In what has become typical fashion when it comes to large cost overruns on computer contracts, the Orange County Board of Supervisors unanimously approved a $1.9-million extension to Xerox Corp. earlier this month without any public discussion.
A county staff report cites delays in the contracting process for a new vendor to assume the county’s data network and voice services — delays that have been occurring for more than a year, according to the report.
The Xerox deal, which originally expired two years ago, is now worth $17.4 million. It was extended 42 days to July 31.
At about $1.4 million per month, the extension, which apparently involves the same scope of work, is worth much more than 10 times the previous monthly average of $102,000. The staff report doesn’t explain the reason, and Chief Information Officer Mahesh Patel didn’t return a message seeking comment.
Ballooning information technology or IT costs are a sore spot in Orange County, with tens of millions of dollars spent on unexpected contract increases and extensions drawing the ire of labor leaders and county supervisors as well as the eyes of auditors.
Such no-bid deals and overruns have persuaded union leaders and supervisors that the county’s computer contracting has been mismanaged.
Two of Orange County’s top IT managers have been forced out in recent years, and another high-level manager was charged with seeking bribes from a subcontractor.
While IT contracts are a critical part of the 17,000-employee county bureaucracy that serves 3 million residents, the debate is often extremely technical and difficult to follow.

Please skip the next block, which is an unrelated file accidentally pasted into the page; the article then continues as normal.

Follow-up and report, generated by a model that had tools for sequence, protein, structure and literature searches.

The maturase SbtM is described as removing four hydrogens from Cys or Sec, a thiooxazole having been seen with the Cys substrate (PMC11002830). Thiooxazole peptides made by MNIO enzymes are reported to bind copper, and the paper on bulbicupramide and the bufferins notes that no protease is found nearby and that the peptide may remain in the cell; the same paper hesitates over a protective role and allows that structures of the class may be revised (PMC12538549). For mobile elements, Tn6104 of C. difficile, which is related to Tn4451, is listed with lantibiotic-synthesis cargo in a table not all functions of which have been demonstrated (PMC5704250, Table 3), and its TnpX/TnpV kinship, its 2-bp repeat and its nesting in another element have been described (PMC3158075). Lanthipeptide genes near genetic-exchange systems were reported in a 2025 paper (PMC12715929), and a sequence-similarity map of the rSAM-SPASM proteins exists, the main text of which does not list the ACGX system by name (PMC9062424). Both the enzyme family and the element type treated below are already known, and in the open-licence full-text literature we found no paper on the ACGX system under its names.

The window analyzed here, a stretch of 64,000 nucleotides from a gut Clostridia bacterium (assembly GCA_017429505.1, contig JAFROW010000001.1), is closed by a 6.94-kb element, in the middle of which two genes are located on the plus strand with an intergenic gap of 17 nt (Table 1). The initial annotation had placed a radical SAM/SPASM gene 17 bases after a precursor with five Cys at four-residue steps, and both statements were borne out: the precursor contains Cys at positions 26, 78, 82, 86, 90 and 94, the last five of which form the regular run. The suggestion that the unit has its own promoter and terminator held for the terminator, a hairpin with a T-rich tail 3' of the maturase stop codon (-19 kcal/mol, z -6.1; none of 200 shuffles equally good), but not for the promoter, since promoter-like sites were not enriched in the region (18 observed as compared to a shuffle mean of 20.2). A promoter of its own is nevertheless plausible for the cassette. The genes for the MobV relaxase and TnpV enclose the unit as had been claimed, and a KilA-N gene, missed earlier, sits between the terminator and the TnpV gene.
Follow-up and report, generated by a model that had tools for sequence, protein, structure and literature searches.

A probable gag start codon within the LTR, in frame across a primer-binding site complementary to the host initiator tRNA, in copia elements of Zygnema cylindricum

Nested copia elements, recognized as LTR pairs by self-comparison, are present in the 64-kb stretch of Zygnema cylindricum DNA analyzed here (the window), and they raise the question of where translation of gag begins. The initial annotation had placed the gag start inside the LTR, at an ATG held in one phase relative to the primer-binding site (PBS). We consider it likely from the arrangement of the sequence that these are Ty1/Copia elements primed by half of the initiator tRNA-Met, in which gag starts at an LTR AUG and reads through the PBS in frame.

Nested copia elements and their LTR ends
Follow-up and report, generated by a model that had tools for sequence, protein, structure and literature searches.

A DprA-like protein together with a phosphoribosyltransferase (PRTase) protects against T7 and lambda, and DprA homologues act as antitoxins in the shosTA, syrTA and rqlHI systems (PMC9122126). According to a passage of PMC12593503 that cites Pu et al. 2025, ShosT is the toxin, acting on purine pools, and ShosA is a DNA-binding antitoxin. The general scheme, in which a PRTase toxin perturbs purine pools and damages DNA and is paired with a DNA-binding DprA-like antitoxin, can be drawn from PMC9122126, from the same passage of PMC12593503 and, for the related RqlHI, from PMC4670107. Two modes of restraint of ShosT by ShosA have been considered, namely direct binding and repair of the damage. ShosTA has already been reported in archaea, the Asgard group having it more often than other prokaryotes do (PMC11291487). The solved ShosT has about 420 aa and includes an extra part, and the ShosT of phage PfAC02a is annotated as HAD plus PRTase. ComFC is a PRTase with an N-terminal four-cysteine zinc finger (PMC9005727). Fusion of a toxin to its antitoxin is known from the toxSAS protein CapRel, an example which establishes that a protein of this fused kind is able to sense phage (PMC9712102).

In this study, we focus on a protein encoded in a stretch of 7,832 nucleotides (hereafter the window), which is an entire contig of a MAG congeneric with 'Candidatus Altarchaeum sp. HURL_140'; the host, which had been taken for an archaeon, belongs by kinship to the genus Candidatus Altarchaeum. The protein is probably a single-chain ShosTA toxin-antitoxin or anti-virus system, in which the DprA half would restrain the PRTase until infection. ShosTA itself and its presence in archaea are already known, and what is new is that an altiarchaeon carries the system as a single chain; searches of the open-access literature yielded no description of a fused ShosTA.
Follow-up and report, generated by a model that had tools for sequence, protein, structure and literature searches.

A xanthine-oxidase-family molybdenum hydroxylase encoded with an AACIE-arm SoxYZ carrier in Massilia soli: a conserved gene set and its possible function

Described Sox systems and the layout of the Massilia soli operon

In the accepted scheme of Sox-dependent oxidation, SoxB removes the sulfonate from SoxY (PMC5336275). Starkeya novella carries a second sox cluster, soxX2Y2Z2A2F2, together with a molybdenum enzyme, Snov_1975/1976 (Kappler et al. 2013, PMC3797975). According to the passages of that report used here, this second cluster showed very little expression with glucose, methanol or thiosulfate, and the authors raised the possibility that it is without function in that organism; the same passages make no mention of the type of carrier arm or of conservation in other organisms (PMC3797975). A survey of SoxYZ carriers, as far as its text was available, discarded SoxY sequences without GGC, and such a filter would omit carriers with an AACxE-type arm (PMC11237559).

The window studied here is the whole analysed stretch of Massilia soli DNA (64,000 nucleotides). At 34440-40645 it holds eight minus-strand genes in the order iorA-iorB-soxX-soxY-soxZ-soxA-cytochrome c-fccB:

Last week’s extension to Xerox comes amid a controversial effort to hire new contractors for the county’s voice and data systems.
Last month, supervisors awarded the first of two replacement contracts for data center and desktop computer support to SAIC, a firm that recently admitted defrauding New York City on a massive computer contract.
Manhattan’s federal prosecutor described the case as “one of the largest and most brazen frauds ever committed against the city of New York.” SAIC admitted that high-level company managers ignored several warnings of the fraud.
Although supervisors raised some questions about the fraud case, they ultimately approved the $74-million contract by a unanimous vote.
Last week’s action on the Xerox contract was the 19th amendment supervisors have made to the deal, which dates back to November 2000 and was originally set to expire at the end of June 2011.
County staff say they plan to bring the second and final replacement contract before supervisors in mid-July.
You can reach Nick Gerda at email@example.com, and follow him on Twitter: @nicholasgerda.
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